GAGGING a journalist employed at a taxpayer-funded news organisation has demonstrated growing intolerance by the governing elite towards critical voices.
Worryingly, the censure of Edward Muumbu over the past week by state news agency Nampa, because he apparently made president Hage Geingob nervous at a press conference, is the latest in a trend to silence government employees deemed outspoken or those who act against rampant corruption and the theft of public resources.
Even if presidential spokesperson Alfredo Tjiurimo Hengari ramps up the decibels when denying that the Presidency has anything to do with the gagging of journalists, there's enough evidence to suggest that those in high office are complicit in muzzling the outspoken. Most examples relate to the Fishrot scandal although not exclusively.
Geingob set the tone in December 2019 when he took aim at three of his Cabinet ministers (Calle Schlettwein, Tom Alweendo and Leon Jooste), telling them in a Cabinet meeting to resign.
"You are behaving like you are cleaner than others. You are criticising how the [Fishrot] case has been handled," said Geingob, adding: "If you are not happy with how the case is being handled, then why don't you just resign?"
In fact, none of the ministers had criticised how the case was being handled. They merely expressed moral outrage on social media and called for tough action against the looters.
After a lull, there has been a flurry of action against the outspoken over the past two months: Lead Fishrot investigator Nelius Becker was transferred to a position of impotence - to head the police forensic unit, a key institution that requires hardcore science skills, which Becker does not remotely possess.
That was followed by the removal of Hannu Shipena as executive director of the Anti-Corruption Commission (ACC). Shipena regularly said the fight against corruption must be strengthened. A week or two before Shipena's removal, finance minister Iipumbu Shiimi was on social media castigating the ACC administrator for complaining that the lack of funding could hamper investigations.
And this week, Hengari issued a press release unabashedly saying that firing former health minister Bernard Haufiku was in no small part due to him "speaking out of turn" and without authorisation.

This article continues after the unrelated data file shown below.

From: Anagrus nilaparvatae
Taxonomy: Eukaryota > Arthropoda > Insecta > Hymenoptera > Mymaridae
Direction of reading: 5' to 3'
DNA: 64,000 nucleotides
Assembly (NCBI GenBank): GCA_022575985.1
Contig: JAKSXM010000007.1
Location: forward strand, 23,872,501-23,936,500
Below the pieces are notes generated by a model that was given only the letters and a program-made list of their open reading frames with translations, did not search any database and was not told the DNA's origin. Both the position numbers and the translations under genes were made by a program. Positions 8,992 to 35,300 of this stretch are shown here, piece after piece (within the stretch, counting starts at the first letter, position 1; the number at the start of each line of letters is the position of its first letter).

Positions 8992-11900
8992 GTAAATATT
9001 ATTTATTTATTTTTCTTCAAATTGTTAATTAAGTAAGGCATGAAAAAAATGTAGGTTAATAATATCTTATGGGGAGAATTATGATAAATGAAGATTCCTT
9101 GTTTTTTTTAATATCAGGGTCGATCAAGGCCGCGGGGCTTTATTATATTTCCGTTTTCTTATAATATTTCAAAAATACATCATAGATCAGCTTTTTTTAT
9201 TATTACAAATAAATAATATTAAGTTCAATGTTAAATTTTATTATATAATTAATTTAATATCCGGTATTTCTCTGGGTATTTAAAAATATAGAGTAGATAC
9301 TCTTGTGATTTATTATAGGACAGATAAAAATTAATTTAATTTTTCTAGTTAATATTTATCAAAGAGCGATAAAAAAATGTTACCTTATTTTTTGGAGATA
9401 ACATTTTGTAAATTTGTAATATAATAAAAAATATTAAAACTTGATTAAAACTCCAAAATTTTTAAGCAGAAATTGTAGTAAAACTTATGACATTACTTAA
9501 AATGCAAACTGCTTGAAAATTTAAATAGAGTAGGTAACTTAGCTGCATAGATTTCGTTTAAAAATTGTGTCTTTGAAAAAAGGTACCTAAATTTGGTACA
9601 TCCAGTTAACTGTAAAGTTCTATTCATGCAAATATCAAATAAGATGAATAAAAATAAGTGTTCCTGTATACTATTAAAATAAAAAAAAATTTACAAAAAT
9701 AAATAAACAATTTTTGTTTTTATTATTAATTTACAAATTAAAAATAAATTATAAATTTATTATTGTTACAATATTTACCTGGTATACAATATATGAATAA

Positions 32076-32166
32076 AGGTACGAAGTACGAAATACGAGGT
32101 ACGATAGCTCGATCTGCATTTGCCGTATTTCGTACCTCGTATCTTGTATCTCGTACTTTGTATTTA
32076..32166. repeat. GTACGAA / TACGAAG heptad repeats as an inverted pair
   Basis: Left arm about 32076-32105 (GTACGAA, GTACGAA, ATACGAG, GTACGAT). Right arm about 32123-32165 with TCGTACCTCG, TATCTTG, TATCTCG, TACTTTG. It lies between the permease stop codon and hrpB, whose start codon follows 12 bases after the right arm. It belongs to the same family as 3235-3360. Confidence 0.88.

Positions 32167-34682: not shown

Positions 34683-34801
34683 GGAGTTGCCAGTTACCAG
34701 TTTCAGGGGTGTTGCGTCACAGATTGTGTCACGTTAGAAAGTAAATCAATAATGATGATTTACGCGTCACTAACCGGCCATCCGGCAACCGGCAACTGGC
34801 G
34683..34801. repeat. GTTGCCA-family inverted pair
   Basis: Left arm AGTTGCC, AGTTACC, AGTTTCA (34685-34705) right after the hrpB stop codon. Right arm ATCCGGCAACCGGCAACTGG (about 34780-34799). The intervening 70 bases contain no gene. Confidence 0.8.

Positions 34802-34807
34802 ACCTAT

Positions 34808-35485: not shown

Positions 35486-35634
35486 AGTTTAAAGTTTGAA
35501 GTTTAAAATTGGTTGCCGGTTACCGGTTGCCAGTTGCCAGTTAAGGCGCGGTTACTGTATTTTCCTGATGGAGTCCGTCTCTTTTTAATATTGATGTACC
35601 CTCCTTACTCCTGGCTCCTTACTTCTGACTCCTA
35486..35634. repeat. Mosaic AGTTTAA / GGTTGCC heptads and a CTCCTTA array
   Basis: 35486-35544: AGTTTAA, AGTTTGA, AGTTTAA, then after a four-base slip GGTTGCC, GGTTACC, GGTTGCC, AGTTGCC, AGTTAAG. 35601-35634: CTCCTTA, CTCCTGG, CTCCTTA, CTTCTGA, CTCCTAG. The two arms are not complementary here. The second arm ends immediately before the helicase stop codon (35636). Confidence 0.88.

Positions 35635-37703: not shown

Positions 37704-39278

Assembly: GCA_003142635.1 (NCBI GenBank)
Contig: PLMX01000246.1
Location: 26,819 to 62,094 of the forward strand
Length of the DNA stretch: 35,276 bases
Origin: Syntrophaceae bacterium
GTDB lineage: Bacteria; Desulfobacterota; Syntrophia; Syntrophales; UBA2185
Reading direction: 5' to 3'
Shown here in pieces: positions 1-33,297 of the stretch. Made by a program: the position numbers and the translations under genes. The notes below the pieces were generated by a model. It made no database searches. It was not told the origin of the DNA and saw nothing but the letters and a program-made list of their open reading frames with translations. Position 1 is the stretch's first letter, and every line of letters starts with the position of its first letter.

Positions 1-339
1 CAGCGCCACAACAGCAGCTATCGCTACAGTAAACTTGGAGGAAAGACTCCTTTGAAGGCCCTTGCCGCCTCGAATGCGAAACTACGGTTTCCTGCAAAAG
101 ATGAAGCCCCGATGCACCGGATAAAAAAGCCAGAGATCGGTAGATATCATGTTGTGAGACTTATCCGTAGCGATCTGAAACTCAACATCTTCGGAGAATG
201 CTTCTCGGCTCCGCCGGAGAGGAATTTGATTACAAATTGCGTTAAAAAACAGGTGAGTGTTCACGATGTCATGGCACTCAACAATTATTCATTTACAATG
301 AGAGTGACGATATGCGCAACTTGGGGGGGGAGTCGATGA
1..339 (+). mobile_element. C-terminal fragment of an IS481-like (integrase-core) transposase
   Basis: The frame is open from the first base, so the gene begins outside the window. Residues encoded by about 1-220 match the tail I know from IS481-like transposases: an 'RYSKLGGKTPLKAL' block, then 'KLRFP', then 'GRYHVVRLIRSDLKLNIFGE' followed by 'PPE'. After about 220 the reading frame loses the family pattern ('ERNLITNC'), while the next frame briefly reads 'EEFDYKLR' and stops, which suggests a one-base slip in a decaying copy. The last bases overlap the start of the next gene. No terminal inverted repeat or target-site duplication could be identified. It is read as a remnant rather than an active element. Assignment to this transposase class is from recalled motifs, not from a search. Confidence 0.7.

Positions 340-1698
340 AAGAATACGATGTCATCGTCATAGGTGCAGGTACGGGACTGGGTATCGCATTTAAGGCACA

Geingob recently tore into Swapo MPs for not defending the government despite being in the majority. This was clearly aimed at leaving no room for contrarian views and to make lawmakers meek in their legislative role.
Geingob may have achieved his goal - Cabinet members this year have been less publicly vocal on corruption.
These latest incidents are a reminder that we are too close for comfort to autocratic states like China, where medical doctors, journalists and researchers who tried to warn the public about Covid-19 were gagged and jailed.
Silencing critical voices comes a long way in Swapo. At the state-funded broadcaster, NBC, critical programmes such as 'Open File' have been taken off air in 2014.
While we should not tolerate corruption, Swapo and other parties should be able to tolerate divergent views within their ranks. Ultimately, allowing competing views is a sign of strength. More than that, we need to respect and strengthen our hard-won independence.
We do not want - nor can we afford - our democracy to fall silent. The president and the ruling party need to shake off the outdated Cold War culture of weaponising fear.
Intolerance breeds intolerance. The consequences are manifold. While silence and powerlessness go hand in hand, they are dangerous bedmates. Look no further than Zimbabwe.
Namibians who cherish freedom of speech and value access to information (thus knowledge) as a prerequisite to individual or group development would be well advised to express moral outrage at this systematic erosion.